In the third part of his analysis of EM equity investment trends, Rob Griffin grills two rated managers on what role China plays in their respective funds and the wider market.

Geoffrey Wong, AAA-rated manager of the UBS Global Emerging Markets Opportunity fund, says being close to the action is a key competitive advantage in emerging markets.

‘We have a strong, stable and experienced local team, with a particular strength in China where there are specialist analysts,’ says Wong, who is ranked first over three years.

‘Boots-on-the-ground’ fundamental research, along with an investment process focusing on valuations from a long-term perspective, are also important.

The incentives of both portfolio managers and analysts are also significantly tied to the outperformance of the fund – a clear motivation to do well.

‘Our performance has been generated through stock-picking, which is well-diversified across regions, sectors and countries,’ he says.

Over the past three years, a significant part of the fund’s alpha has come from stock selection in financials, consumer discretionary and IT.

‘This was driven by holdings in the Chinese insurance space and the Indian banking sector,’ Wong says. ‘In consumer discretionary, our exposure to South Africa’s dominant media and internet firm also added value.’

Within IT, exposure to Taiwanese hardware & semiconductor companies, and a couple of dominant Chinese internet firms, significantly contributed over this period.

Wong believes better corporate earnings and profitability, an improving economic backdrop and a transition in the fundamental forces driving emerging markets will be among the key drivers.

‘Emerging market equities are increasingly a domestic play, fuelled by secular growth sectors like the internet and consumption, away from highly cyclical industries,’ he says.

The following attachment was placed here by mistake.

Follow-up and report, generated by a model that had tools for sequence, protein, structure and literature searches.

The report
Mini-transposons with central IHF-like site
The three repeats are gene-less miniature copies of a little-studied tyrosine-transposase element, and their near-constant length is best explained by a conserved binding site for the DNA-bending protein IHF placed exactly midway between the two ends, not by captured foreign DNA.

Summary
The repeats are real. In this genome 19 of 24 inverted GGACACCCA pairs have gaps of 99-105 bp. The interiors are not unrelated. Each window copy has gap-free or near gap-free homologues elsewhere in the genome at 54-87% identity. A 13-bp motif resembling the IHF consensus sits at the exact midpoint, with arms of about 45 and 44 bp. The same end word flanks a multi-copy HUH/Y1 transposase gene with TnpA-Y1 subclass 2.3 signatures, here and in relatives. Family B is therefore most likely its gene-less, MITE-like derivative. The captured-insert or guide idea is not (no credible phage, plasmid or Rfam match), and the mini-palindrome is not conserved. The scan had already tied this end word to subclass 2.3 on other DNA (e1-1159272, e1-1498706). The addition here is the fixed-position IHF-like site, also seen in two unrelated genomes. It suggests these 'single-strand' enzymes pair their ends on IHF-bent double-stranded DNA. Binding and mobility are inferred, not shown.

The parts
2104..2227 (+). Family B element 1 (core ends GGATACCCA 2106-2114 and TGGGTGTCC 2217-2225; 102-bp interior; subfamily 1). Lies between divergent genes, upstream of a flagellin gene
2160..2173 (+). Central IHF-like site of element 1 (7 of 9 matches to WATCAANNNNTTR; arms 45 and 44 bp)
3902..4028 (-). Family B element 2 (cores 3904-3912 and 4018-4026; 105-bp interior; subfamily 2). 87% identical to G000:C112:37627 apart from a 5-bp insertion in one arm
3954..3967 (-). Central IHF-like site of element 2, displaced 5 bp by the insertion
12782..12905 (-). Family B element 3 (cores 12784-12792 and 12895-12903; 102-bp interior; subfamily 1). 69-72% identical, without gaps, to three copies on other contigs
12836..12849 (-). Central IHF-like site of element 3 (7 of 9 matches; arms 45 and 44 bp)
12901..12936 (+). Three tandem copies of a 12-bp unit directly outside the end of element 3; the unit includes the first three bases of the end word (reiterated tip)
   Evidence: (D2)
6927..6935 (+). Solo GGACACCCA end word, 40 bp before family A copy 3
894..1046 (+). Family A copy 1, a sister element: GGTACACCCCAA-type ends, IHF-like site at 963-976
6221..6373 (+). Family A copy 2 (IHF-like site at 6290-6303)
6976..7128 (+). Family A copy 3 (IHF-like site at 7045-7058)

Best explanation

Meanwhile, demographics remain supportive of emerging markets over developed ones. ‘Working-age populations continue to grow and incomes are rising,’ he says. ‘These changes should result in increasing emerging market stability and growth over the coming years.’

Dollar dynamics

AAA-rated Gary Greenberg of Hermes Global Emerging Markets agrees that many of these regions have enjoyed powerful recoveries, spurred by the weak dollar.

However, he is optimistic that profitability will continue to improve, suggesting that headwinds turning into tailwinds could make it an attractive time to invest.

‘The market remains inefficient and this presents a great opportunity for us as active managers,’ says Greenberg, who is ranked seventh and second over three and five years, respectively.

In recent years, the fund’s performance has largely been driven by stock selection in China, India, the UAE, Korea and Russia.

Greenberg believes innovative and value-adding emerging market companies are likely to be long-term winners. As such, Tencent is one of his holdings. ‘It’s a leading provider of internet value added services in China and has surpassed its Western peers in the curation of its massive social network,’ he says.

He adds that 80 million people in China will play Honour of Kings on their mobiles during peak days but says the company’s greatest success has been in social networks.

‘It owns WeChat and Qzone, the equivalent of WhatsApp and Facebook, which are banned in China,’ he says. ‘Nine hundred million users are signed up to both networks.’

These comments originally appeared as part of a supplement which was published with the December edition of Citywire Selector magazine.